If any part of any underpayment of tax required to be shown on a return is attributable to fraud, section 6663(a) imposes a penalty equal to 75% of the portion of the underpayment which is attributable to fraud.  Section 6663(b) provides that once the Commissioner establishes that any portion of the underpayment is due to fraud, the entire underpayment is to be treated as attributable to fraud except with respect to any portion that the taxpayer establishes, by a preponderance of the evidence, is not attributable to fraud.  The entire taxable year remains open under section 6501(c)(1) even if only a part of the underpayment for a year is attributable to fraud.  Lowy v. Commissioner, 288 F.2d 517, 520 (2d Cir. 1961), aff’g, T.C. Memo. 1960-32.  “Thus, where fraud is alleged and proven, respondent is free to determine a deficiency with respect to all items for the particular taxable year without regard to the period of limitations.”  Colestock v. Commissioner, 102 T.C. 380, 385 (1994).

Once an underpayment has been proven, the second prong of the fraud test requires the Commissioner to prove that, for each year at issue, at least some portion of the underpayment is due to fraud, defined as an intentional wrongdoing designed to evade tax believed to be owing.  DiLeo v. Commissioner, 96 T.C. at 874.  The Court may examine the taxpayer’s whole course of conduct to determine whether fraud exists. Stone v. Commissioner, 56 T.C. 213, 224 (1971).  The existence of fraud is a question of fact to be resolved from the entire record. Gajewski v. Commissioner, 67 T.C. 181, 199 (1976), aff’d without published opinion, 578 F.2d 1383 (8th Cir. 1978).  Fraud is never imputed or presumed, and therefore the Commissioner must meet his burden through affirmative evidence.  See Niedringhaus v. Commissioner, 99 T.C. 202, 210 (1992); Petzoldt v. Commissioner, 92 T.C. 661, 699 (1989); Beaver v. Commissioner, 55 T.C. 85, 92 (1970).  Fraud may be proved by circumstantial evidence and reasonable inferences drawn from the facts because direct proof of a taxpayer’s intent is rarely available.  Toushin v. Commissioner, 223 F.3d 642, 647 (7th Cir. 2000), aff’g, T.C. Memo. 1999-171; Petzoldt v. Commissioner, 92 T.C. at 699.  Fraud is not imputed from one spouse to another.  Stone v. Commissioner, 56 T.C. at 227-228.  In the case of a joint return, the section 6663 penalty does not apply with respect to a spouse unless some part of the underpayment is due to the fraud of such spouse.  Section 6663(c).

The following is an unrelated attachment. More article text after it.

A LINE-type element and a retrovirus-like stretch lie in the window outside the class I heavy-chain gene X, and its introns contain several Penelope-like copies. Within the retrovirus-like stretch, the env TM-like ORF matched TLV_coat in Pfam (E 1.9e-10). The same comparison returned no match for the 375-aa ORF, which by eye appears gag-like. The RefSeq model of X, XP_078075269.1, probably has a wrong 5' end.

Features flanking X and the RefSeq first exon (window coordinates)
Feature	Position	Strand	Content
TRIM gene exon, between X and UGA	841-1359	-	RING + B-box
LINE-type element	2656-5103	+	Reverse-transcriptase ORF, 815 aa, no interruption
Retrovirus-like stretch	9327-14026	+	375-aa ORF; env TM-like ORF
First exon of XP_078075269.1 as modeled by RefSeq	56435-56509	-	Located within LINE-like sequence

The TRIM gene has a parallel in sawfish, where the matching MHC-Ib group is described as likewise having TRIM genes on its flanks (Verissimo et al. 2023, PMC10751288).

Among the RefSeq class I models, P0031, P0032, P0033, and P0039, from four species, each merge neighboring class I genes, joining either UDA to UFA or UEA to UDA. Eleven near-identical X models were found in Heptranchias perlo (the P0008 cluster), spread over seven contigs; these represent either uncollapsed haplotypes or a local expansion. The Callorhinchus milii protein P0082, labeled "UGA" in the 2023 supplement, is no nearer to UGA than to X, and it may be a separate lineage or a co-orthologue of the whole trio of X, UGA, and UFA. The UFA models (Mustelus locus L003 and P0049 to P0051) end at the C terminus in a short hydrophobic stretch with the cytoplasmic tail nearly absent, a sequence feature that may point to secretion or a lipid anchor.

Determination of Fraudulent Intent